Here is how Groupchat looks between TransVerse, Swift and Psi:
Equivalent label support
We've done some work on equivalent label support, and provided test data to help those interested in investigating and demonstrating this capability.
Note that this does NOT include label translation (e.g., replacement), which will be provided in a future release.
The key capability is that a policy can specify non-local labels as equivalent to local ones. This means that non-local labels (from peers or local clients) will be validated correctly. The sample data we provide with M-Link includes policy files (including variants with and without equivalents) and catalogs to set up the configuration shown in the diagram below.
The UK Demo policy is the one previously supplied, as is the NATO one. UK-NATO is a new policy, that includes (GENSER style) both UK and NATO labels, so that either can be used on the site (under appropriate clearance control). This can be useful for sites that wish to have users using both labels. Note that this is a new policy with a new policy id. Each of these policies has appropriate equivalents to the other policies.
We're happy to help anyone set up a configuration based on this.
Digital signatures for XMPP messages are a desirable addition to the currently standardized peer to peer digital signatures (strong authentication based on PKI). Digital signatures on XMPP messages can enable:
Previous attempts to standardize have not gained general acceptance, and have a number of problems. Ad hoc implementation efforts that we are aware of also have problems.
Isode is working to enable a standard. XEP-0274 "Design Considerations for Digital Signatures in XMPP" has been developed primarily by Isode staff and has just been published. It looks at requirements and possible approaches to meeting these requirement. It looks particularly at approaches using the XMLDSIG XML digital signature standard, which we believe is the most promising direction.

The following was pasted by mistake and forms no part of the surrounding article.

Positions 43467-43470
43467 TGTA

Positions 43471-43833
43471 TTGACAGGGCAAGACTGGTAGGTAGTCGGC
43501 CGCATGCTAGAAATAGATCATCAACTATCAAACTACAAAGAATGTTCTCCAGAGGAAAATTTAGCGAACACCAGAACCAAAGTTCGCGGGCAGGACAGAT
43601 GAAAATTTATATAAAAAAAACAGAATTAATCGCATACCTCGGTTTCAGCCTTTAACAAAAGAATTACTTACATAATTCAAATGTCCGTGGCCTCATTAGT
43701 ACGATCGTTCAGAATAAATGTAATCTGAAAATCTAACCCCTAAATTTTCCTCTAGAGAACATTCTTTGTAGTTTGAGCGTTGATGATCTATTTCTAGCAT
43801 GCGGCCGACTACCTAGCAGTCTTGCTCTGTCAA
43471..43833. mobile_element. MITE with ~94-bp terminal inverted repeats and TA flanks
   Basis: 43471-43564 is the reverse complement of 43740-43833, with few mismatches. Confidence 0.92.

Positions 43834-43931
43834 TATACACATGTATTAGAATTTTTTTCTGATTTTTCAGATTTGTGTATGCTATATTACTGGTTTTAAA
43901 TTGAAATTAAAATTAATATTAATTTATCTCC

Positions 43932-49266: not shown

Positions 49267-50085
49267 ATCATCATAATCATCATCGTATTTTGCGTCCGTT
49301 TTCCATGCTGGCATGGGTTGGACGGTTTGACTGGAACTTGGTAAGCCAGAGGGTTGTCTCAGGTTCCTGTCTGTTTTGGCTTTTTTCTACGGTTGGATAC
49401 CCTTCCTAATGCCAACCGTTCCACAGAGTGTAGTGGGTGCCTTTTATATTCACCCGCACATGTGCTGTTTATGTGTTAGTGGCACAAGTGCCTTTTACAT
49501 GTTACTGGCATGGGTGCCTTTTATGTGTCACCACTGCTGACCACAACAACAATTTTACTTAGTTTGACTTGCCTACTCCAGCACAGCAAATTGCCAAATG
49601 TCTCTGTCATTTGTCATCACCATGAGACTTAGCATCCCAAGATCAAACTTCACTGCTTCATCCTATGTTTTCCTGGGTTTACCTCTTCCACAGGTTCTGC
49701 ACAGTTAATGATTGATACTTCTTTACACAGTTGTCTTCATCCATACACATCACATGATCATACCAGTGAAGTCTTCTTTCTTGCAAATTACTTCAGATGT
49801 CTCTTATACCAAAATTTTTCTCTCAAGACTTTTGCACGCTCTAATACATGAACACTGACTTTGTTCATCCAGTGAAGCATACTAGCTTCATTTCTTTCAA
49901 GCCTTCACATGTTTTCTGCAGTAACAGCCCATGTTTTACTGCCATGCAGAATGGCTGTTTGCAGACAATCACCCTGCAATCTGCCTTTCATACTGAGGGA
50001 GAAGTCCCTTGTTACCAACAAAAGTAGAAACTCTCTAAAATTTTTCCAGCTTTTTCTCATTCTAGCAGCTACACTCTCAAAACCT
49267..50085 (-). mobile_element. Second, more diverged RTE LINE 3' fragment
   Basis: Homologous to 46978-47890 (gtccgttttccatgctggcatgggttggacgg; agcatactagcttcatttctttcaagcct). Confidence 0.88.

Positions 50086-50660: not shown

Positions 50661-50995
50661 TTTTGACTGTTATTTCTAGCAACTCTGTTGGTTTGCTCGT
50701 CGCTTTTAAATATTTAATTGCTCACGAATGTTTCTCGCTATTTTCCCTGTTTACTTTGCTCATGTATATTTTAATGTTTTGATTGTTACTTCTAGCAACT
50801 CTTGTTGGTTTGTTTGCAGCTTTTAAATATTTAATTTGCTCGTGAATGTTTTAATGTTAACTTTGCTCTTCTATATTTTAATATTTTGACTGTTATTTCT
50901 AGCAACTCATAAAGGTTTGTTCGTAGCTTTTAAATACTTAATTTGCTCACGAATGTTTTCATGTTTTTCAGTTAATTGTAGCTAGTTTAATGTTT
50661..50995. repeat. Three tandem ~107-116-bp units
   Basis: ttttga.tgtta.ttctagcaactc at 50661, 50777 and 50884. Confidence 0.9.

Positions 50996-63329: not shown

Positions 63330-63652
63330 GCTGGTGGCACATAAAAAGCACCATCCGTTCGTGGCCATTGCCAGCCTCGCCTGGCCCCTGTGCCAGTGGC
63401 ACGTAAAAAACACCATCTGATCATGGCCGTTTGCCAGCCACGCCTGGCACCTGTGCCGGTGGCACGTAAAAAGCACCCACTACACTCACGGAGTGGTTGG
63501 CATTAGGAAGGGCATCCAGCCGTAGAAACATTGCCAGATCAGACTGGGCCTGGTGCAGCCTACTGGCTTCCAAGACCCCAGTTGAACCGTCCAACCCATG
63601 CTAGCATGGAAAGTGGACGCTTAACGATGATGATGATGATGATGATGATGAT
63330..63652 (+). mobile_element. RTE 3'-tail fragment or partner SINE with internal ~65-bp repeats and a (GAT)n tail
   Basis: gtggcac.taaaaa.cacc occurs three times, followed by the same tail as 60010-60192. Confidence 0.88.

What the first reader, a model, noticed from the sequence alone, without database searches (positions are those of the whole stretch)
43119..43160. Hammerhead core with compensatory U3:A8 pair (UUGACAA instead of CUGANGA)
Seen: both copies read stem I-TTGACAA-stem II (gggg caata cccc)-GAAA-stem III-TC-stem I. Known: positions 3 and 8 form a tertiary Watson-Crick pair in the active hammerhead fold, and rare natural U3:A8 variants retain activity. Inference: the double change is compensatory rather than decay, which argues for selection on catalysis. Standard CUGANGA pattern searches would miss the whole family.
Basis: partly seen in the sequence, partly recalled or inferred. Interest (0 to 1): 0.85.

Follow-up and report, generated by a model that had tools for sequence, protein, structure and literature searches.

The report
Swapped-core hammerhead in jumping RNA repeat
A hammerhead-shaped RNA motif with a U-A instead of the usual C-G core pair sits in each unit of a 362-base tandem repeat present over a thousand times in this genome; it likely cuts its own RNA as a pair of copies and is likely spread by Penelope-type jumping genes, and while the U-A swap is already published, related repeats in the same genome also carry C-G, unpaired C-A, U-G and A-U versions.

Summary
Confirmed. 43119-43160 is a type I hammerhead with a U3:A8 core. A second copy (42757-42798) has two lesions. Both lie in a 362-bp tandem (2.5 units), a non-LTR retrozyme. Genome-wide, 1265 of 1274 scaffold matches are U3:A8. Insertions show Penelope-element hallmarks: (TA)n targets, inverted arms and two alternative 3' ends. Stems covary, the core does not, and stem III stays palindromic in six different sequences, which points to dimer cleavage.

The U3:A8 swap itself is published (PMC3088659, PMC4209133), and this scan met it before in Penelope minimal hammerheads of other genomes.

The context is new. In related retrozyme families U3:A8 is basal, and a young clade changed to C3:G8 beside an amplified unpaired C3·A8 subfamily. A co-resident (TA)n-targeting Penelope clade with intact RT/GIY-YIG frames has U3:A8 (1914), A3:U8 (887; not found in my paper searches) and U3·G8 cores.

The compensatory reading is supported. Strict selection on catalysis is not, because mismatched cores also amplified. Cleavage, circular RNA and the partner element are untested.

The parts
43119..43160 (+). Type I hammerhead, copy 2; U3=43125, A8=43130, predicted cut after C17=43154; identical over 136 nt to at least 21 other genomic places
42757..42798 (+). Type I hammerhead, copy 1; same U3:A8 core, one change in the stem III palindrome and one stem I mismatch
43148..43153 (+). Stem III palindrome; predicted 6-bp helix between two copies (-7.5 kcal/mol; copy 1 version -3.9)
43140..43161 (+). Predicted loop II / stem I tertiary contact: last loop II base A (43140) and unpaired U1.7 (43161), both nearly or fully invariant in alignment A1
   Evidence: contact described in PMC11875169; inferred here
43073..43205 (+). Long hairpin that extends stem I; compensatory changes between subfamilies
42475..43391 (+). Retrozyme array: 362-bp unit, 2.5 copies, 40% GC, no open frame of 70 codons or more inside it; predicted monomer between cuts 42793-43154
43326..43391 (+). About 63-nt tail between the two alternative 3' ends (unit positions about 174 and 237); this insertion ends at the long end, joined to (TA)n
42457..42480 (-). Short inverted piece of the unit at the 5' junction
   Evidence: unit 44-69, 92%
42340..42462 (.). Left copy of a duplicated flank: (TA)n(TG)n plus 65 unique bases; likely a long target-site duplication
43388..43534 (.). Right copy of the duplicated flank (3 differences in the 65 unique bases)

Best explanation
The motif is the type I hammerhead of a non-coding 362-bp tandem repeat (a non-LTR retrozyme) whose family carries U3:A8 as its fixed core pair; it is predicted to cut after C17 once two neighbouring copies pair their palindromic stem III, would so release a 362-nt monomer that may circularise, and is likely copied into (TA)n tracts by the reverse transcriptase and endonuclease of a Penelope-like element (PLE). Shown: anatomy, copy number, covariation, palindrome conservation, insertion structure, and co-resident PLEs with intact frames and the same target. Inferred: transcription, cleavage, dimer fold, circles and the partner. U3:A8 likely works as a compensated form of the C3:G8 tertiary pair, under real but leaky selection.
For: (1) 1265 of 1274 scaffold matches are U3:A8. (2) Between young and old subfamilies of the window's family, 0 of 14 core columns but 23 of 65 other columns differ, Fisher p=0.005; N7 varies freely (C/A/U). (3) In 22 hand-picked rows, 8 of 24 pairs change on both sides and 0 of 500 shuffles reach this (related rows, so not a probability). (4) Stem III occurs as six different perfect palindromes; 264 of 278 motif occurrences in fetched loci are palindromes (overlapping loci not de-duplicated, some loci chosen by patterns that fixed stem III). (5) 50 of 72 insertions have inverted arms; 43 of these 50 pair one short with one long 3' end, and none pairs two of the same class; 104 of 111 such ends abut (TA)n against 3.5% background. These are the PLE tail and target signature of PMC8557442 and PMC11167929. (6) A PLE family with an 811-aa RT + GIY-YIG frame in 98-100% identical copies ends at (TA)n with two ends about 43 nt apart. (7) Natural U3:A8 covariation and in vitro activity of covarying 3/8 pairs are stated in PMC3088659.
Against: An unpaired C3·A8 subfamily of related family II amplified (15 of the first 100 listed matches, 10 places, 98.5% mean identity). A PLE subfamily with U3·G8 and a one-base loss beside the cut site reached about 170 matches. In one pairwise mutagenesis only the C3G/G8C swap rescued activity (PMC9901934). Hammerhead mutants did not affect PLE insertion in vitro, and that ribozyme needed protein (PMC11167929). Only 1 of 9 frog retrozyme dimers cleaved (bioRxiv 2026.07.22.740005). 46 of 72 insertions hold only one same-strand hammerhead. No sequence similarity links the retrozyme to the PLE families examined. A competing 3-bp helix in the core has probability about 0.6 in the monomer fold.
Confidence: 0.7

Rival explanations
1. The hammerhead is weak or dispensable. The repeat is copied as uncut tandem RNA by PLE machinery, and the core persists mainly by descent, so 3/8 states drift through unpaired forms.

Both requirements and technical solution to address these requirements are complex. We believe that wide participation will be crucial to develop a workable and widely adopted standard in this space.
In Release R14.5 of Isode's M-Link XMPP Server, support has been added for XEP-0114 Jabber Component Protocol, which among other things can be used to provide a mechanism for connection of External Legacy IM Services. The JBuddy XMPP Gateway from Zion Software supports XEP-0114 and provides connectivity to AIM, ICQ, Windows Live/MSN and Yahoo Instant Messenger services. Isode's M-Link XMPP server has been certified by Zion Software as a tested compatible XMPP server for use with their JBuddy XMPP Gateway.
Isode CEO, Steve Kille, will be presenting at the next meeting of the HFIA in Munich on 14 September.
The Second International LDAP Convention (LDAPCon2009) will be held in Portland, Oregon on September 20th and 21st.
We're pleased to announce a new partnership between Isode and Fine Point Technologies. By combining Fine Point's over-the-air (OTA) provision technologies and Isode's M-Box Gateway product, we're able to offer mobile service providers a complete moble email solution for their subscribers with minimal user and operator intervention.